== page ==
On a handful of nights in April 2017, when skies were clear, eight observatories from Antarctica to Europe simultaneously focused their gaze on the center of our galaxy, each tuned to record light with a length of wave of 1.3 millimeters.
These are radio waves – invisible to our eyes, but spit out in abundance by the incredibly hot and turbulent gas swirling and falling into the black hole, which produces the doughnut-shaped image.
Because the EHT observatories were separated by great distances, each telescope received the same radio signals from the center of the Milky Way at slightly different times.
Each data point of the radio signal was “stamped” at his telescope by an atomic clock so precise that over the course of 100 million years it would only lose a second.
When it was time to combine the data, these timestamps allowed physicists to synchronize the multitude of signals and generate a cleaner picture.
This linked telescope technique, called very long baseline interferometry, essentially produces a planet-sized telescope – and one with such high resolution that it could, in theory, spot a ping-pong ball on the surface of the moon.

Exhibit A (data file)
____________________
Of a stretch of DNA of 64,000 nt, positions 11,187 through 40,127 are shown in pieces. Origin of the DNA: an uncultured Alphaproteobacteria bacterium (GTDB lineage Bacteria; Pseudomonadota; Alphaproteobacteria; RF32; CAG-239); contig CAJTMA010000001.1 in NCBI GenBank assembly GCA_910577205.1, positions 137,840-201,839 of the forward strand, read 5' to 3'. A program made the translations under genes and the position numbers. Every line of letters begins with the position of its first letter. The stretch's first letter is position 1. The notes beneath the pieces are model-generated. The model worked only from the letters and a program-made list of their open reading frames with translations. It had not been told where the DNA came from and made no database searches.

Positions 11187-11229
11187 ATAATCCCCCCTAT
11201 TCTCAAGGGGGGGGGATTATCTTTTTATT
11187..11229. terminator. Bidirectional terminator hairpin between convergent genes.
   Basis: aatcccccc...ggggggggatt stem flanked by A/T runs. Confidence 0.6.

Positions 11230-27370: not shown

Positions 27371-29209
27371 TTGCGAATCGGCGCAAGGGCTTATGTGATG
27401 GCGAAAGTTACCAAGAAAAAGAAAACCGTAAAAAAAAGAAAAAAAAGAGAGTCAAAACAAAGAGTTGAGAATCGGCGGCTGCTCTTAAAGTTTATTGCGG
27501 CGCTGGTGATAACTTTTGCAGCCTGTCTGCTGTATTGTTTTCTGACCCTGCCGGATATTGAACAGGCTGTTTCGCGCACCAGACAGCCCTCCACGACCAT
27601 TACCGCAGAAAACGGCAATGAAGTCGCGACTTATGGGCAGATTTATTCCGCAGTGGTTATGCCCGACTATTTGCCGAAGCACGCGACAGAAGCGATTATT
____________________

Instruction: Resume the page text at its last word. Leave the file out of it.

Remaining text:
So how can it be improved? It’s funny that you ask…
Did someone say more telescopes?
The EHT trained its radio-ready eyes again on Sgr A* – and even more objects – in the years since its first sightings in 2017.
Other observatories have since joined the EHT network, which is already making a “really huge” difference, Dr Dempsey said.
More “eyes” means the EHT can collect more light, increasing its sensitivity and ability to spot weaker features.
“The more elements we bring in, the more sensitive we become, and the more certain we can be that we fit what we see…to the model,” Dr. Dempsey said.
“And the most critical part for Sgr A* is that we can do those snapshots faster.”
This means the team will eventually be able to take images on the timescales they need to produce a movie that captures dynamic features such as the rotation of the black hole and the gases collapsing around it.